When it was first decided that DLS and I were going to Montreal, there was only one place I wanted to visit. I first heard of this place in 2008 through this blog post – and it stuck in my head since then. I don’t even know what, exactly, in that post made me want to eat here desperately, but whenever Montreal has been suggested to me, I’ve thought of Au Pied de Cochon. DLS made reservations for our last evening in Montreal, and though I felt a little sick after overindulging (bagels, poutine, deli sandwiches, and then snacks in the hotel room while watching the Giants beat the Packers to reach the next round…), I’m nothing if not a trooper. I got out of bed and put my game face – and my game stomach – on, and we headed to the charming restaurant with its interior decorated almost entirely in wood.
To help aid in digestion – and just because I like sparkling water – we ordered a bottle of sparkling water. Pro tip: did you know carbonation aids in digestion? It also makes you feel full, though, so if you’re trying to lose weight, drinking lots of seltzer helps you stay un-hungry. Did you ever think you’d get a diet tip on my blog? Haha. I really liked that they gave us a plate of lemon slices too. It’s the little touches…
… like serving warm bread.
DLS chose the beef tartare to start. We were both surprised when it came as sushi-style hand rolls. There were quail egg shells in each, that we were told to pour over the meat and then eat. It’s safe to say we both really enjoyed this dish – I loved the rice as the carb, with the creaminess of the egg yolk, the tender meat, and the crunch of the potato sticks, the seaweed to hold everything together. I really enjoyed the innovation at play here, with the overall creativity working well to make a happy bite. (DLS asked me before it arrived what I thought the difference between the tartare as appetizer versus the regular dish, which cost double. I said probably just size, but after seeing this as the appetizer, I’m not sure if it’s presented entirely differently perhaps?)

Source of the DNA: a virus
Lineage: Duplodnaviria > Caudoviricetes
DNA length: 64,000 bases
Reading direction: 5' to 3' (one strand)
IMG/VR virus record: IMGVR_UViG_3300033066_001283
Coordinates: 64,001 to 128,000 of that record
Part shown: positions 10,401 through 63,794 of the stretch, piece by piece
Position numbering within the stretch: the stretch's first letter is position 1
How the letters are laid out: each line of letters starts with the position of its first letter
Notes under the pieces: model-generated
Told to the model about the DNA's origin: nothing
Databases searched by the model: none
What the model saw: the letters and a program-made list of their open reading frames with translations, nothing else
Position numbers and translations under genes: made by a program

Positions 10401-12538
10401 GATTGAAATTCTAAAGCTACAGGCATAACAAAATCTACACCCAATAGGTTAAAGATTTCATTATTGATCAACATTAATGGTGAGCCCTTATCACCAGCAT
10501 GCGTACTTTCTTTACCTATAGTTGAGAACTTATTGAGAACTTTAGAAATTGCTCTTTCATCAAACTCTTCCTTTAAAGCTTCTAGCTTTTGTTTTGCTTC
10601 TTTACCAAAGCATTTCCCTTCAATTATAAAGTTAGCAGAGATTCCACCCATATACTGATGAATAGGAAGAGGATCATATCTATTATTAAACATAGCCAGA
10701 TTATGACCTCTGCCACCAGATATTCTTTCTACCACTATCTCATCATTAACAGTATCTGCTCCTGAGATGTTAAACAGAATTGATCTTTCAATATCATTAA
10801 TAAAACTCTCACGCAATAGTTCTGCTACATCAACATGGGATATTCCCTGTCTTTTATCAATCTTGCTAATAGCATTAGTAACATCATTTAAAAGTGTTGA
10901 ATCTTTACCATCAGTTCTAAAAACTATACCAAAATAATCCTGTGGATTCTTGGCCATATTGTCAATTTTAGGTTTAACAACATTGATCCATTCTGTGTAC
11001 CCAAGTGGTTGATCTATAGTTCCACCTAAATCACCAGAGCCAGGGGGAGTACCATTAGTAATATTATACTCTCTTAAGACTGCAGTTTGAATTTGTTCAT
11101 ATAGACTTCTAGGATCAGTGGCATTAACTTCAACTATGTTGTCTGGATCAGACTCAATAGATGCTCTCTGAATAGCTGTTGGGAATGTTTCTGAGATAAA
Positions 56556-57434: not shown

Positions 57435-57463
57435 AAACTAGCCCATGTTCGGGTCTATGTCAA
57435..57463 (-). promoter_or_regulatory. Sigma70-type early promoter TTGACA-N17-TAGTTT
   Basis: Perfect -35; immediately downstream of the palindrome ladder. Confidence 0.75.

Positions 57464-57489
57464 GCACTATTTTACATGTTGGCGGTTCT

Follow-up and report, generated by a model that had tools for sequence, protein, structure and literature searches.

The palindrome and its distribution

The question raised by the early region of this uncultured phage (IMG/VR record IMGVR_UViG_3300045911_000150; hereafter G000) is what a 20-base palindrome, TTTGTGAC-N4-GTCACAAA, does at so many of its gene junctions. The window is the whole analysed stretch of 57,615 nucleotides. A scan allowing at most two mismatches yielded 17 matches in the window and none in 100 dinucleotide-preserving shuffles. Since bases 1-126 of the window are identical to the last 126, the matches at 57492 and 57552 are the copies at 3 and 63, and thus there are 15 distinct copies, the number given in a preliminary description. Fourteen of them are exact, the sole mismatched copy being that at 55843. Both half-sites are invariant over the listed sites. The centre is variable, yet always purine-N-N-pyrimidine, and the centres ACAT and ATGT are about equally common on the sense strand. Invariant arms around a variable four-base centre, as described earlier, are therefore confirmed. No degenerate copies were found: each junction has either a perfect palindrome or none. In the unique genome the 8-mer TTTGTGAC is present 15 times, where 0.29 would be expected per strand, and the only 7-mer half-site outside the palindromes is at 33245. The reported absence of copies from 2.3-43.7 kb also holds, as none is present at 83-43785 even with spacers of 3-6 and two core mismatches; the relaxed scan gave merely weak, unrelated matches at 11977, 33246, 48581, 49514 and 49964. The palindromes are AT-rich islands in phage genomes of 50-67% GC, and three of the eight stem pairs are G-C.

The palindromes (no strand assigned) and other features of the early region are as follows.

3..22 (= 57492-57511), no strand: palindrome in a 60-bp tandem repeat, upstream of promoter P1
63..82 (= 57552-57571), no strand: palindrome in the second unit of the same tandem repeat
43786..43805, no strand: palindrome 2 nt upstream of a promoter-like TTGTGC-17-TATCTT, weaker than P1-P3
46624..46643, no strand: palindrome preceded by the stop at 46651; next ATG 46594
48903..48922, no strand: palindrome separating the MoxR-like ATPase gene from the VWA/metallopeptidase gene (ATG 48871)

Really, just because I could, I ordered pork rinds. I was a little disappointed there wasn’t more creativity here, but they were tasty, salty, airy bits of pork skin, deep fried. No complaints here about the taste.
Because I knew our meal was going to be decadent, rich and heavy, I wanted to start with a salad, but chose poorly: the crispy PDC salad. Since there are no descriptions on the menu, I ordered somewhat blindly. We were both a little squicked that the entire salad was warm, first… but the nuts were crunchy, and initially very nice with the lettuce (which I ate quickly, ha, as it wilted from the hot toppings). Neither of us much liked the headcheese served with it, though I found the flavors of the warm vinaigrette perfectly tasty – just too much overall. There was a lot of pork fat going on already. I worried that I’d be unable to eat much more.